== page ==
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May 2018 Archives

Keeping medical debt in check later in life

As people in Massachusetts and throughout the country get older, their healthcare expenses generally increase. One way to cover some of these expenses is to apply for Medicare. Individuals are eligible to enroll starting three months prior to turning 65 and for another four months after turning 65. Those who work for a company that has more than 20 employees can enroll for Medicare Part B and Part D after retirement without penalty.

The consequences of personal bankruptcy may be exaggerated

Massachusetts residents who are struggling with overwhelming debt often put off filing for bankruptcy because they worry that a Chapter 7 or Chapter 13 petition will ruin their credit and make future borrowing difficult or impossible. However, a report recently released by the online financial exchange Lending Tree suggests that these fears may be exaggerated. Researchers discovered that 43 percent of Americans who file a bankruptcy have credit scores of 640 or higher just a year later, and this figure rises to 65 percent after three years.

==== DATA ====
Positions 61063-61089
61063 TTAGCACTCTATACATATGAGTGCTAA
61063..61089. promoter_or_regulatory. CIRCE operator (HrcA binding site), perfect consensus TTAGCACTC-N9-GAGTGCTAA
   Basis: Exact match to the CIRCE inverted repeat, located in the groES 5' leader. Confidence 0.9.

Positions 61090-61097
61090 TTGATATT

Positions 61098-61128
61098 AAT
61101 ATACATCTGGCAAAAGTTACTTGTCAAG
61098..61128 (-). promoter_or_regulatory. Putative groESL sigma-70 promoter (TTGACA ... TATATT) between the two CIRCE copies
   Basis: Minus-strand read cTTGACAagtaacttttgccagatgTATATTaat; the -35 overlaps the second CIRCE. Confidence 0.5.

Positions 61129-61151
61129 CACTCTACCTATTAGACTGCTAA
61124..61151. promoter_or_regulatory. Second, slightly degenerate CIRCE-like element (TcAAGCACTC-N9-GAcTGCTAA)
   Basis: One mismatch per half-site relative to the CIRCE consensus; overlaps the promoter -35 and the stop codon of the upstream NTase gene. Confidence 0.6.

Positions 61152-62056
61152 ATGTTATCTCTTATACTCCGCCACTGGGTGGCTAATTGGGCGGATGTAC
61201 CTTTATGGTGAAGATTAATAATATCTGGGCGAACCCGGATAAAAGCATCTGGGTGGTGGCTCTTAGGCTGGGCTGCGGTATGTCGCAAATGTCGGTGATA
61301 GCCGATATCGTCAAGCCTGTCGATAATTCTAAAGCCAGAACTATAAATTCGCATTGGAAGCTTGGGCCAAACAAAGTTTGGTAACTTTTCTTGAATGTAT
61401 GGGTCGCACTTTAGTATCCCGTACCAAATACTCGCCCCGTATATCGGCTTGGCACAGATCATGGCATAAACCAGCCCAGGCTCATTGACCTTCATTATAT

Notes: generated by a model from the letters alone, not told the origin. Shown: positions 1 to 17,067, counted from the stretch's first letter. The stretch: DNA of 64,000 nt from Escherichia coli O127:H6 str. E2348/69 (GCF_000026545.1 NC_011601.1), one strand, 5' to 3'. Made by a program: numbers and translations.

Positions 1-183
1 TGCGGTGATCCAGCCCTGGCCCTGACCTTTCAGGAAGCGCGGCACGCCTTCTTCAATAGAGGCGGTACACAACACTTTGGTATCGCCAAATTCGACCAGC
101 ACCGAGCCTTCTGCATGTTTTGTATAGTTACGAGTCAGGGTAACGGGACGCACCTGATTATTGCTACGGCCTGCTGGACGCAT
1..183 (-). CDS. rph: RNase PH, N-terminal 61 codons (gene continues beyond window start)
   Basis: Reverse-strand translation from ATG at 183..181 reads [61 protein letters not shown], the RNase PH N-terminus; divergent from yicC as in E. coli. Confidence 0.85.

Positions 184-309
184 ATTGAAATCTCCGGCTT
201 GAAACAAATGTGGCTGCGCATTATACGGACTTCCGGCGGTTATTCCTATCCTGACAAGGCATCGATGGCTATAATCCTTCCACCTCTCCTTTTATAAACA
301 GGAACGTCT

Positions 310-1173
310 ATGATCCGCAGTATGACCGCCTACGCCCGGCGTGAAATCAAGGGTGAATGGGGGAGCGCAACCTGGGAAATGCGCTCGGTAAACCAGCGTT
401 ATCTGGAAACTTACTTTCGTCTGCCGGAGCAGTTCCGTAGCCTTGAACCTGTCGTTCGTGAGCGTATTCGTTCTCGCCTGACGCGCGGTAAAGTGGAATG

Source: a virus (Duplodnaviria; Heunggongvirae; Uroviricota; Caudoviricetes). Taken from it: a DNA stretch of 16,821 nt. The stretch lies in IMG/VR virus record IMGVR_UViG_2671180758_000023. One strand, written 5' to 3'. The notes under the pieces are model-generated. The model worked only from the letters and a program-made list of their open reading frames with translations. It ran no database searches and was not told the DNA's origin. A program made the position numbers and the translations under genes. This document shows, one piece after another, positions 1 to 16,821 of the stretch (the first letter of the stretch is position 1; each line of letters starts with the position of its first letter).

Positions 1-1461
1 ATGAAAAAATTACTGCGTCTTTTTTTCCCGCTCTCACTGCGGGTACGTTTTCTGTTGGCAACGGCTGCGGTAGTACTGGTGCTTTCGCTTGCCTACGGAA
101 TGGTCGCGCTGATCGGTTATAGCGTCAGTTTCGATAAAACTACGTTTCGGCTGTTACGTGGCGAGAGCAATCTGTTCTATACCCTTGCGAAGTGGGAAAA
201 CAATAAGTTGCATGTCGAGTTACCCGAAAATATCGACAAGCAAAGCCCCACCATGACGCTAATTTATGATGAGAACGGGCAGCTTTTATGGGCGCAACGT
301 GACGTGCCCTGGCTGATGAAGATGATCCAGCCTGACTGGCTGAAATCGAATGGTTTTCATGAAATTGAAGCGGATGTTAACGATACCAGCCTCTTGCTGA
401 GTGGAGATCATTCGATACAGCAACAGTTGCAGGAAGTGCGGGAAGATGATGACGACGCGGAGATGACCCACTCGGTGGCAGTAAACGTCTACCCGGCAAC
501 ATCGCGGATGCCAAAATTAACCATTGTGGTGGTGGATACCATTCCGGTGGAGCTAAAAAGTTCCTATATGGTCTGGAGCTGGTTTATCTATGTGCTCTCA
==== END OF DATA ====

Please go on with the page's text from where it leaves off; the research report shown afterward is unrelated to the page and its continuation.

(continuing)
Americans grappling with over $1 trillion in credit card debt

Credit card account holders in Massachusetts generally fall into two categories. The first type charges many transactions to build up points and rewards and pays off the balance every month. The second type cannot pay off the balance every month and accrues interest charges on their revolving debt balances.

Bankruptcy may be the best option for many

The weight of overwhelming debt is a heavy burden for many people across Massachusetts. Bankruptcy may offer a way out, but many are concerned about the stigma and financial consequences that come with a bankruptcy filing. Despite that, bankruptcy is the best option for many.